It's HER dream actually, onelocal! And I certainly have done my research Cas220, as I made the decision not to shop in big supermarkets 17 years ago and haven't set foot in one since. I work full time, live on a relatively low income, and still manage to do all my shopping at independents and farmers markets. How about that for the supermarket apologists?

I can't believe how lazy people are that they can't think of anything beyond their own needs and their own immediate future, so want supermarkets on their doorstep no matter how damaging that may be to the local economy, the landscape, or to future generations.

Big multinational businesses DON'T bring decent jobs with decent pay to rural areas, or enhance the high street. Nor are they cheap. They set up initially with lots of bogus cheap offers and then put their prices up once everyone is used to them being there and small shops start closing. They are predatory, and only want to move in when they already see a thriving area. If they were genuine about local development they would set up in areas where there are no other shops for miles around, and high unemployment, but they don't. They want a big slice of the pie of regularly spending locals and monied holiday makers and second homers, regardless of how that might affect existing businesses. The jobs on offer will be low-paid, part-time, dead-end ones.

The Gazette even ran a campaign to support our independents. What will it take to get you all moving to support what we already have instead of longing for the neverneverland of cheap supermarkets?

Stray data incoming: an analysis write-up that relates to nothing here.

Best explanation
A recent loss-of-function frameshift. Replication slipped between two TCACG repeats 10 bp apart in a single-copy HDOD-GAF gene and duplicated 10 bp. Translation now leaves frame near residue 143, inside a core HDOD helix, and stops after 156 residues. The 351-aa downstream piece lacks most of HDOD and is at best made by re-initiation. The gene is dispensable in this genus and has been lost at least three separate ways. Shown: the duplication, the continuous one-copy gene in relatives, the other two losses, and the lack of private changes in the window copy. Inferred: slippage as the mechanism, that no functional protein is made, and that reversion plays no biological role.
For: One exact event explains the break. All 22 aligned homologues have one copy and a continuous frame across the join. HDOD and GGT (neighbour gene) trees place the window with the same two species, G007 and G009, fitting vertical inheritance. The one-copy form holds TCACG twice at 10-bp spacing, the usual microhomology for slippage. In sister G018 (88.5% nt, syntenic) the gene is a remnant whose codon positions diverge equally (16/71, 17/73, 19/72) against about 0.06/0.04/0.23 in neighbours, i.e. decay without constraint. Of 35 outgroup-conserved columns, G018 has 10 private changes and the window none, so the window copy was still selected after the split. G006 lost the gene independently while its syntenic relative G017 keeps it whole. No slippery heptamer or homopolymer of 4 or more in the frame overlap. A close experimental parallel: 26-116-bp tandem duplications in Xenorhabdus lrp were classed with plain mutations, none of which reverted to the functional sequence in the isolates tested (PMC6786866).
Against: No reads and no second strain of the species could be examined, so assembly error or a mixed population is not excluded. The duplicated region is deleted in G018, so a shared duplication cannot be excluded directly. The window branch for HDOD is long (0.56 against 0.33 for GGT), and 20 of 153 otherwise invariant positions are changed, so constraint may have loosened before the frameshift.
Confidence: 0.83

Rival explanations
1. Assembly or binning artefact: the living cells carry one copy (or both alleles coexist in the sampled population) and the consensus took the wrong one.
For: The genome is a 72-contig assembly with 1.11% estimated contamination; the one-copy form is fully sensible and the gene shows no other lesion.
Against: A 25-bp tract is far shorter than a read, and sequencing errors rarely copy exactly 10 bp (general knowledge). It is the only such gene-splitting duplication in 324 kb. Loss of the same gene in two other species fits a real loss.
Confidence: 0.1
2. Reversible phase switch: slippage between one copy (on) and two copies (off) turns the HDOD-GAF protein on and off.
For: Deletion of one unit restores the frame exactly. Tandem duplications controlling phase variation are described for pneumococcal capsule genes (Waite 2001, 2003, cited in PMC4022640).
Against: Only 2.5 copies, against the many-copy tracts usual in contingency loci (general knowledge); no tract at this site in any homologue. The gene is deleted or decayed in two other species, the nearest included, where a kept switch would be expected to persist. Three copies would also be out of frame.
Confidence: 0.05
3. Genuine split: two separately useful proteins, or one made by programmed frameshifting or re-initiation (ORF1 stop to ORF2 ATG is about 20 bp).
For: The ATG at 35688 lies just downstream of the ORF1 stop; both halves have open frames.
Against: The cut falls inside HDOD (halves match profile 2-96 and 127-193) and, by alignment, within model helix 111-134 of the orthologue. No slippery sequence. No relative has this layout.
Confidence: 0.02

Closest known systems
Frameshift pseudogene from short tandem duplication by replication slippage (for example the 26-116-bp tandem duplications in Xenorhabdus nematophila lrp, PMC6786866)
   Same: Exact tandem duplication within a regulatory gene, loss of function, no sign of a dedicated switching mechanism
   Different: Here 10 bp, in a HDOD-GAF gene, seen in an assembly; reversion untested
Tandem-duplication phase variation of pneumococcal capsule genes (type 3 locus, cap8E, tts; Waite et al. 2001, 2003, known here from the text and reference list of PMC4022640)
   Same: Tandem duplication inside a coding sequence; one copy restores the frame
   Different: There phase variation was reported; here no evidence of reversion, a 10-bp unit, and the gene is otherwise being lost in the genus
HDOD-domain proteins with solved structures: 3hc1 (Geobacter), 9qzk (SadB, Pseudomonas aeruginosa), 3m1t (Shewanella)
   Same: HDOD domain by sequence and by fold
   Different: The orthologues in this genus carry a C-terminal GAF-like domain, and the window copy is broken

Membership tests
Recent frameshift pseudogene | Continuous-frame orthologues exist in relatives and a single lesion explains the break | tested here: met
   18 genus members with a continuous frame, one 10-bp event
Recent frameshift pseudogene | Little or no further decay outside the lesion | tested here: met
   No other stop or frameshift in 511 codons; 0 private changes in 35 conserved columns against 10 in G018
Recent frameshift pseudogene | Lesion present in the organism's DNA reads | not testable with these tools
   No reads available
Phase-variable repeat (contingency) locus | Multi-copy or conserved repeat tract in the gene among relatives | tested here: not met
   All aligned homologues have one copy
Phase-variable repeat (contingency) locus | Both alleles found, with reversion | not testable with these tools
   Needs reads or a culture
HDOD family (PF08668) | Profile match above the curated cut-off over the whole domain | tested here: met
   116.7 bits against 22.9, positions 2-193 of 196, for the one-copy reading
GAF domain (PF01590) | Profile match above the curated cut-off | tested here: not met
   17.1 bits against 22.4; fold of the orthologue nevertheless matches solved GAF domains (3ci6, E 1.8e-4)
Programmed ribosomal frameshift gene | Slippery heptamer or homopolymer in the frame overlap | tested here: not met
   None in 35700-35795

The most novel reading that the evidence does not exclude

It's HER dream actually, onelocal! And I certainly have done my research Cas220, as I made the decision not to shop in big supermarkets 17 years ago and haven't set foot in one since. I work full time, live on a relatively low income, and still manage to do all my shopping at independents and farmers markets. How about that for the supermarket apologists? I can't believe how lazy people are that they can't think of anything beyond their own needs and their own immediate future, so want supermarkets on their doorstep no matter how damaging that may be to the local economy, the landscape, or to future generations. Big multinational businesses DON'T bring decent jobs with decent pay to rural areas, or enhance the high street. Nor are they cheap. They set up initially with lots of bogus cheap offers and then put their prices up once everyone is used to them being there and small shops start closing. They are predatory, and only want to move in when they already see a thriving area. If they were genuine about local development they would set up in areas where there are no other shops for miles around, and high unemployment, but they don't. They want a big slice of the pie of regularly spending locals and monied holiday makers and second homers, regardless of how that might affect existing businesses. The jobs on offer will be low-paid, part-time, dead-end ones. The Gazette even ran a campaign to support our independents. What will it take to get you all moving to support what we already have instead of longing for the neverneverland of cheap supermarkets? jazzactivist